CancerCare social worker Charlotte Ference, LMSW, recently joined GRYT Health to talk about dealing with cancer on an emotional level. During her presentation, Charlotte shared stressors likely faced during certain stages of a cancer journey and coping mechanisms that can help to work through those stressors. This article outlines these stages, covering the stressors and coping strategies discussed during the program.
May is Brain Tumor Awareness Month. Though all cancers have their own set of concerns, this blog post by social worker Paige Soleimani, MSW, LMSW, explains the particular challenges faced by those coping with brain tumors and their caregivers. Paige Soleimani is an oncology social worker who works closely with anyone affected by brain cancer at CancerCare .
CancerCare was thrilled to host the 2021 National Gala virtually on Wednesday, April 21, 2021. The event was the first fully virtual gala hosted by the organization, following last year’s successful online auction.
April is National Volunteer Month, and one of our most exciting new programs wouldn’t be possible without the help of volunteers: CancerCare’s Pen Pal Program! The Pen Pal Program is offered in partnership with Caring About Seniors and connects older adults with volunteer letter-writers to reduce feelings of isolation through the pandemic and beyond.
Learn about the importance of providing newly diagnosed lung cancer patients and their loved ones with simple, clear patient-sensitive language about their diagnosis and treatment options.
Our social workers are what set CancerCare apart from other support organizations, and each year during National Social Work Month, we highlight the people behind our clinical.
Every ethnic and racial group in the country is affected by cancer. While some may say cancer does not discriminate, certain demographic groups bear a disproportionate burden as it relates to incidence, prevalence, mortality, survivorship, outcomes, and other cancer-related measures. These disparities are often due to social, environmental, and economic disadvantages. For those who identify as Black, Indigenous, and People of Color (BIPOC), there are clear health disparities.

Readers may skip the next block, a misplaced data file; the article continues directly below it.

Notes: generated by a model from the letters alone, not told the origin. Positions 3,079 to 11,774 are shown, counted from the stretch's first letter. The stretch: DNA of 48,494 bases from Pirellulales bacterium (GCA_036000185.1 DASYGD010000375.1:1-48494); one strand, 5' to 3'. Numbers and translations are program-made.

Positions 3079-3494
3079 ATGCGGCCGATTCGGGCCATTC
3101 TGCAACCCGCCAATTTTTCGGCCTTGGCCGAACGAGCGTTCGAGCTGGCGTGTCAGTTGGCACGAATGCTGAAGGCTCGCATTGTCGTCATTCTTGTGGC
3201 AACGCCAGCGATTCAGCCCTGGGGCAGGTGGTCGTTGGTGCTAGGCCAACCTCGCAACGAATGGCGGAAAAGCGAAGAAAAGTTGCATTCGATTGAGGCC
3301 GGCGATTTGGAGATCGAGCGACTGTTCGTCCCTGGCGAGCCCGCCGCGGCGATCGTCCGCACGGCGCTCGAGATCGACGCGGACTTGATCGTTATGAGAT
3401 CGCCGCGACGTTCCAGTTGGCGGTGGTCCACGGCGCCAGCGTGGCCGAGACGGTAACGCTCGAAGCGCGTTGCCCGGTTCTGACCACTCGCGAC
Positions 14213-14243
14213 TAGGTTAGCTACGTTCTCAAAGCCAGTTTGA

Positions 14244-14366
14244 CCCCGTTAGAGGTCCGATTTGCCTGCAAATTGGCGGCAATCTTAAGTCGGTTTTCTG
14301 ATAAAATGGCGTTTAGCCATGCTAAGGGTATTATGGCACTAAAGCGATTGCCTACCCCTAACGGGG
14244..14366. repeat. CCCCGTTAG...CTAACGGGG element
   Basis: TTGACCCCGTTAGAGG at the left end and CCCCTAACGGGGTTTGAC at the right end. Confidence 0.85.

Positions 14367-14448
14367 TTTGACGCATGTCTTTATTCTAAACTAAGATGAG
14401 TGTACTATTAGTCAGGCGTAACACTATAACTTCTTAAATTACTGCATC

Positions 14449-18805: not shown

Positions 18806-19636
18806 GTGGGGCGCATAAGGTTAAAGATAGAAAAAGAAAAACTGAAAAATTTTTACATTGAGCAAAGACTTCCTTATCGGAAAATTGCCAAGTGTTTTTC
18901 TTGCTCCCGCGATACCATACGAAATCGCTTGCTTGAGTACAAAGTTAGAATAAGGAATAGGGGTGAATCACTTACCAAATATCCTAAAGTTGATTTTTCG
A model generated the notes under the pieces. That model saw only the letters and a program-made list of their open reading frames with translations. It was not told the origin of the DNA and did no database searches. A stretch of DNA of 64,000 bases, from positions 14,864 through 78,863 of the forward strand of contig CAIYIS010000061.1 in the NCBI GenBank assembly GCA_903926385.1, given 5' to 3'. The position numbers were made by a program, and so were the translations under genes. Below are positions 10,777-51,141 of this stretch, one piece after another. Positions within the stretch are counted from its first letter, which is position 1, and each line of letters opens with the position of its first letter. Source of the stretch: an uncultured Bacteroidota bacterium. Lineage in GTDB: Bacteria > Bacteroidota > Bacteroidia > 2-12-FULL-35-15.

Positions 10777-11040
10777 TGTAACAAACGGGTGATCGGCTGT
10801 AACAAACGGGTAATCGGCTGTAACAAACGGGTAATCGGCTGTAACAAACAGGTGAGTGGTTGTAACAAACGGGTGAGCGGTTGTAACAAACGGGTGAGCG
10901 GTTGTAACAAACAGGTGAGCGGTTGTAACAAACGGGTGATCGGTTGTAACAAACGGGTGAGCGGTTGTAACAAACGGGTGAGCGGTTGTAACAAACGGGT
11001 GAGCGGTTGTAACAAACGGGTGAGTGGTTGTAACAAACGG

CancerCare for Kids' offers year-round, free support services for children impacted by cancer: those living with cancer, have a loved one with cancer or have experienced the loss of a loved one to cancer. In 2020, CancerCare for Kids offered a variety of holiday programs including the Winter Warmth Program, the Winter Wonderland Gift Program and the Holiday Gift Card Program.
As the year comes to a close, we reflect on all that 2020 has brought us. CancerCare stayed true to its mission to provide help and hope to anyone affected by cancer, finding new ways and new opportunities to serve our community despite the pandemic. We are proud to share these highlights from the past twelve months:
For people affected by cancer, the holiday season can be a complicated time of year. Oncology social worker Leeann Medina-Martinez, LMSW, offers her insight on staying connected and creating new traditions during a year unlike any other.